How 3D Digital Design and Augmented Reality Can Slash Textile Waste In Fashion

Originally published on Eco-Age.

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Image: Ethmode 3D digital Bodysuit, BRIA

Much is said about the millions of tonnes of garments thrown away each year, urging us to be more sustainable by wearing our clothes more often, washing them less and keeping them out of landfill, but what about the waste generated in the fashion design process itself? What about the carbon emissions generated in the pre-consumer phase of the fashion industry? How much textile waste is generated before a garment even hits the retail shelves? 

The textile waste generated in the fashion supply chain is difficult to calculate as most companies don’t record the quantities of waste they generate for fear of being reprimanded for it. However, ​EFI/Optitex​ recently reported that £5-7 billion is spent on physical sampling in the apparel industry each year. This sampling is a means to an end in that it generates ‘mock-up’ products, which are fitted and photographed and are generally of no value beyond that. These samples often end up being burned or thrown in landfill. 

As the founder of an innovation agency proposing solutions to material waste problems, I have been met with many difficult facts during my work as a consultant for manufacturers and brands, both large and small. A garment manufacturer in Bangladesh recently told me that he receives requests from brands and retailers for hundreds of new samples each day, based on fast-moving, transient Instagram trends. These requests come from buyers who are anxious to have physical samples at their disposal to develop into products to sell if they choose to. The key here is ‘if they choose to’. These samples are not based on an intention to develop and sell a product – the buyers simply want to see what the garment looks like while monitoring the progress of a trend. These samples are the consequence of brands and retailers hedging their bets on trends and having the manufacturers working on demand for them because of the buying power they hold over those manufacturers. The manufacturers don’t feel they can say no, regardless of how much waste is generated, or the strain it places on their business.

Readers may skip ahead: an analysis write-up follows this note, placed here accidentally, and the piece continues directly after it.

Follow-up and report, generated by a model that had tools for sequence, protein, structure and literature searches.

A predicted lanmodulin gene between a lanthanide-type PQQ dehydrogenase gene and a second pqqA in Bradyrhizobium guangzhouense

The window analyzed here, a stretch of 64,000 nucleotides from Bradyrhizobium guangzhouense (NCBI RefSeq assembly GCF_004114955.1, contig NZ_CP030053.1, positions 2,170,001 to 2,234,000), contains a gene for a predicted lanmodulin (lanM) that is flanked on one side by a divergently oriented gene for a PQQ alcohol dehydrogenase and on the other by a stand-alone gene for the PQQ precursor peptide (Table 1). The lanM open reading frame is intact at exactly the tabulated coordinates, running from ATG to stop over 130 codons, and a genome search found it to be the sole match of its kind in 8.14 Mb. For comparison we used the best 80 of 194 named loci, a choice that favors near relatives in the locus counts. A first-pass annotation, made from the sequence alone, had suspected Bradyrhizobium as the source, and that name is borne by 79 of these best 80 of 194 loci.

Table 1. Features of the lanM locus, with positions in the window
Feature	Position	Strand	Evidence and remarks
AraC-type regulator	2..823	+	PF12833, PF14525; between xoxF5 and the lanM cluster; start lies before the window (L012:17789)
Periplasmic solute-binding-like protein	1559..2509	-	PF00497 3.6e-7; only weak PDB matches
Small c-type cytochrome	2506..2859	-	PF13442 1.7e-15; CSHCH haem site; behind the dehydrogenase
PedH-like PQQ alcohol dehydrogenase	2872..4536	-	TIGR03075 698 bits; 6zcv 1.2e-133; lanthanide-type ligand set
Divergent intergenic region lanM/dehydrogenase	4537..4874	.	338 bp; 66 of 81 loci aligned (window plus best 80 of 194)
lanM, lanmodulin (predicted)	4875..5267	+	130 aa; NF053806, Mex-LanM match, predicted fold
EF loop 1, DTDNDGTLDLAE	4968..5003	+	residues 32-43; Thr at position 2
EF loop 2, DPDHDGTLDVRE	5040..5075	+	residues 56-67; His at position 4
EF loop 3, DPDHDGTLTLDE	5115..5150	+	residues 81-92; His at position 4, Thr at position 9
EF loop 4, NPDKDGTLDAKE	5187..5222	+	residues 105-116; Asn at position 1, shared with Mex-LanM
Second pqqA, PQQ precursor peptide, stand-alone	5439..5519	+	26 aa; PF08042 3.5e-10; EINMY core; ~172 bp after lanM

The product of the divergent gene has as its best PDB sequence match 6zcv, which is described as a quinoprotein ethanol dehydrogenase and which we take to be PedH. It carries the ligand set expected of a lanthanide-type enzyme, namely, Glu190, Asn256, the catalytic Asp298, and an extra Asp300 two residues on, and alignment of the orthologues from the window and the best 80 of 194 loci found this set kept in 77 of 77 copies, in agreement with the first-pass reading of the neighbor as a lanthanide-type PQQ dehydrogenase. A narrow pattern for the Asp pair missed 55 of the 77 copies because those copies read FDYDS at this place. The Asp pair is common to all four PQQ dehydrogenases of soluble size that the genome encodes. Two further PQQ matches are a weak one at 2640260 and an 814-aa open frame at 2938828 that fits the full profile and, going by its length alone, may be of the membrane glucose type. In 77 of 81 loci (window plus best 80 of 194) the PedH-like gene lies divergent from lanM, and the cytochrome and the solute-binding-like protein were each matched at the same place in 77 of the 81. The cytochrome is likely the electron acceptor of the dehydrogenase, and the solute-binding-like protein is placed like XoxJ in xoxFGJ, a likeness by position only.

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Image: Ethmode 3D digital Bodysuit, BRIA

When you hear discussions about supply chain transparency and living wages, this is at the very crux of those issues. Brands and retailers have all the power over the manufacturers when it comes to placing production orders and pricing. With fashion cycles getting faster and the competition for lower prices increasing, brands and manufacturers require ways to work faster, cleaner and more economically. 3D digital fashion design offers a fast, clean solution, and has already gained traction with large global brands and retailers, including Adidas and Target. 

The benefits of digital instead of physical sampling have already been quantified by one solution provider, EFI/Optitex, who have saved companies millions of pounds in sampling costs by creating digital samples in place of physical ones. “But don’t designers and buyers want to feel the fabric” is a common question asked about this digital solution. Yes, they do, and they can. The 3D digital design offers photo-realistic renders of the garment that help to decide silhouette, proportion, design details and colours at the very least. When it comes to the movement, drape and stretch of the garment, this requires more sophisticated animation, which my innovation agency BRIA has achieved as demonstrated in the video below: 

 

Currently, most brands using digital design are doing a portion of prototyping and sampling digitally then moving to physical samples – partly because designers want to feel the fabric and see it move in ‘real-life’, and partly because of the incomplete solution offered when it comes to the 2D pattern output and fitting of digital versus physical garments. This is a fracture in the 3D design process that ​BRIA​ is working to fix.